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I've got somefile.js.coffee.erb file which is processed by Rails asset pipeline. My ERB code returns some string that cannot be parsed by Coffee which result in SyntaxError exception. I would like to peek into generated somefile.js.coffee file, or in general any intermediary file processed by asset pipeline.

I've tried to examine Sprockets with no luck:

environment = Sprockets::Environment.new
MyApplication::Application.config.assets.paths.each {|p| environment.append_path p}
rerb = environment['somefile.js.coffee.erb']
rerb.source #=> it's already preprocessed

Or to look into \tmp\cache\assets but there are also only preprocessed files, additionaly obscured by fingerprinted name.

Maybe there is a way to hook into asset-pipeline I have no idea how..

Why I need ERB? To generate client-side-model stubs with fields and validations matching Rails model using KnockoutJS (https://github.com/dnagir/knockout-rails extended -> https://github.com/KrzysztofMadejski/knockout-rails).

I am using Rails '~> 3.2.12', sprockets (2.2.2).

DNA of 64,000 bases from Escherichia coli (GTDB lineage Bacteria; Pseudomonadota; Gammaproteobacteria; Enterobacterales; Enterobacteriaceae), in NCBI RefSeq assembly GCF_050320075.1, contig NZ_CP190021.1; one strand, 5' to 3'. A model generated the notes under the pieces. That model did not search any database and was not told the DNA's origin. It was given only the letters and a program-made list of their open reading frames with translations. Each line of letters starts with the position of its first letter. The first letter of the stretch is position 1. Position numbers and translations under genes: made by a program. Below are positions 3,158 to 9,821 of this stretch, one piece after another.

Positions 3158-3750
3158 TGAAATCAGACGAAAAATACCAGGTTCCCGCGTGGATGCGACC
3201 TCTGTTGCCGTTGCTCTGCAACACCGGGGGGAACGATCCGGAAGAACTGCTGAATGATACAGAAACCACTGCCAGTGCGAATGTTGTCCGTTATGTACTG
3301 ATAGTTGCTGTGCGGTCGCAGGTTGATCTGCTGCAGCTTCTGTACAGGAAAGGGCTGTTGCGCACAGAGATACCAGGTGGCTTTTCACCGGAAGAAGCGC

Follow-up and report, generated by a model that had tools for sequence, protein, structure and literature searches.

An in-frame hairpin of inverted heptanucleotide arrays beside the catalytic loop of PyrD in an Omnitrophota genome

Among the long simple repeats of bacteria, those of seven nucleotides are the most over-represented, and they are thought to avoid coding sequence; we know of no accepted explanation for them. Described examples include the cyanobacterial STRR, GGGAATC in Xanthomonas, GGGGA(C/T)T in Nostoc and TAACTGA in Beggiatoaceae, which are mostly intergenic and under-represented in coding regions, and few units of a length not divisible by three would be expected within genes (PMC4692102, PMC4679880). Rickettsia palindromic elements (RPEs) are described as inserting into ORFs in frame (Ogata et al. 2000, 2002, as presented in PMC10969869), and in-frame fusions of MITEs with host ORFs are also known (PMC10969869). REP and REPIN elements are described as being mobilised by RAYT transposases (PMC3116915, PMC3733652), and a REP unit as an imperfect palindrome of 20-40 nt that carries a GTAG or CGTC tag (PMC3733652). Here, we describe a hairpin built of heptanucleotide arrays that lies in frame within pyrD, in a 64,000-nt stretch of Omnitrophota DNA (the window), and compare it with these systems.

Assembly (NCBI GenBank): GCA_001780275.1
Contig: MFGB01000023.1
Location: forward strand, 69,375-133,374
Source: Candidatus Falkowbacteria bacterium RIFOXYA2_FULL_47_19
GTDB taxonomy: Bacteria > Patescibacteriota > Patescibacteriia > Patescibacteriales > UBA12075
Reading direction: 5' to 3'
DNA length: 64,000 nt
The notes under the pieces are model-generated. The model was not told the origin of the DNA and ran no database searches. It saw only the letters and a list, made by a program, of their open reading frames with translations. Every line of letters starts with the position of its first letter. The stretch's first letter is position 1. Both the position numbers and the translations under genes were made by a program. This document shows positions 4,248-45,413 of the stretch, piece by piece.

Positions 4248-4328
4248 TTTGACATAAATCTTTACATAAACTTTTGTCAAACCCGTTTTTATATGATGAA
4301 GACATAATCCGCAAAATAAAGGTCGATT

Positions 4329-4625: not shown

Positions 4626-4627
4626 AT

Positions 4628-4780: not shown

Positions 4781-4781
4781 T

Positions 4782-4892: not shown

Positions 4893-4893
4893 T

Edit: I've ended up injecting erb code in ### comments, to sneak-peak at generated code while coffeescript file is still compiling:

###
<%= somefun() %>
###

Altough I would suggest using @Semyon Perepelitsa answer as it produces coffee script file as it is seen by coffee compiler.

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2 Answers 2

up vote 1 down vote accepted

Just remove "coffee" from the file extension temporarily: somefile.js.erb. You will see its intermediate state at /assets/somefile.js as it won't be processed by CoffeeScript.

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The simpler answer the better! Thank you. I've ended myself using hard-comments ### and putting ERB code inside, but this is even better as it produces whole file, as it will be seen by coffee compiler. –  Kangur Mar 19 '13 at 14:26

I wonder if you can put <% binding.pry %> just before the line and mess around till you get it right. Never tried during a compile and don't use coffeescript. In theory, it should work (or is worth a shot) so long as you put gem pry in your Gemfile and run bundle first.

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